Wautoma, WI
Current Conditions
0:56 AM CDT
Cloudy
Temperature
70°F
Dew Point
63°F
Humidity
78%
Wind
N at 5 mph
Barometer
30.04 in. F
Visibility
10.00 mi.
Sunrise
06:16 a.m.
Sunset
07:38 p.m.
Afternoon Forecast (12:00pm-7:00pm)
Temperatures will range from 59 to 74 degrees with mostly cloudy skies. Winds will range between 1 and 5 miles per hour from the southeast. No precipitation is expected.
7-Day Forecast
Saturday
74°F / 59°F
Partly Cloudy
Sunday
81°F / 59°F
Sunny
Monday
85°F / 60°F
Partly Cloudy
Tuesday
87°F / 68°F
Partly Cloudy
Wednesday
85°F / 68°F
Light Rain
Thursday
88°F / 68°F
Scattered Showers
Friday
88°F / 69°F
Sunny
Detailed Short Term Forecast
Issued at 0:56 AM CDT
Saturday...Temperatures will range from a high of 74 to a low of 59 degrees with partly cloudy skies. Winds will range between 1 and 5 miles per hour from the southsoutheast. No precipitation is expected.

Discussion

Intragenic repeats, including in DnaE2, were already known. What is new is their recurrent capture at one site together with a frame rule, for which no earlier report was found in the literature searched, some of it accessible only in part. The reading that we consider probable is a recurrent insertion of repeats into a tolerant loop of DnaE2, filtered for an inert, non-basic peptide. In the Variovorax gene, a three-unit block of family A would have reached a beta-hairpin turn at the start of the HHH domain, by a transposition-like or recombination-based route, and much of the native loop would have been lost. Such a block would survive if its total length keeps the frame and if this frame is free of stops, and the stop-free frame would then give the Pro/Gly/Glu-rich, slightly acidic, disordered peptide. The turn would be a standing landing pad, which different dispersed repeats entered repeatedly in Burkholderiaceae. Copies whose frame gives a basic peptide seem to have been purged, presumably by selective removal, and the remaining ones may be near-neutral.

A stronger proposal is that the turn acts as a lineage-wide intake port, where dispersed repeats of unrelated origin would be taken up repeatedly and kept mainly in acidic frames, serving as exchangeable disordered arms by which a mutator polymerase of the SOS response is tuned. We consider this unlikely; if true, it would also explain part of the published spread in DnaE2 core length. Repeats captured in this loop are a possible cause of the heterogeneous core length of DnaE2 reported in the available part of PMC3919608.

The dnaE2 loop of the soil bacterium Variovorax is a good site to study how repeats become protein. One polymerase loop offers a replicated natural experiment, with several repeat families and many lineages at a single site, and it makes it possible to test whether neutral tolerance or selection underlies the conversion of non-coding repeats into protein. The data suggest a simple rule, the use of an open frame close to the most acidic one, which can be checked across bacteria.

This Evening ...Temperatures will range from 72 to 60 degrees with partly cloudy skies. Winds will remain steady around 4 miles per hour from the southeast. No precipitation is expected.
Overnight ...Temperatures will remain steady at 59 degrees with partly cloudy skies. Winds will remain steady around 4 miles per hour from the southwest. No precipitation is expected.
Sunday...Temperatures will range from a high of 81 to a low of 59 degrees with mostly clear skies. Winds will range between 2 and 8 miles per hour from the southsouthwest. Less than 1 tenth inch of rain is possible.

South Carolina confirms first

death due to equine encephalitis

July 4, 2013 | 0 comments

A state official has confirmed the first case of eastern equine encephalitis in South Carolina in 2013.

Dr. Boyd Parr, South Carolina State Veterinarian and director of Clemson University Livestock Poultry Health, said a foal from Sumter County that recently died tested positive for the disease.

Two adult horses that died at the same farm around the same time are suspected of also having EEE, a mosquito-borne illness in horses that can also affect humans.

Symptoms in horses include stumbling, partial paralysis and the inability to stand. The symptoms usually develop from two-five days after exposure.

Nine out of every 10 horses infected with EEE virus dies.

Parr is urging horse owners to consult their veterinarians to ensure vaccinations against both EEE and West Nile Virus are up-to-date.

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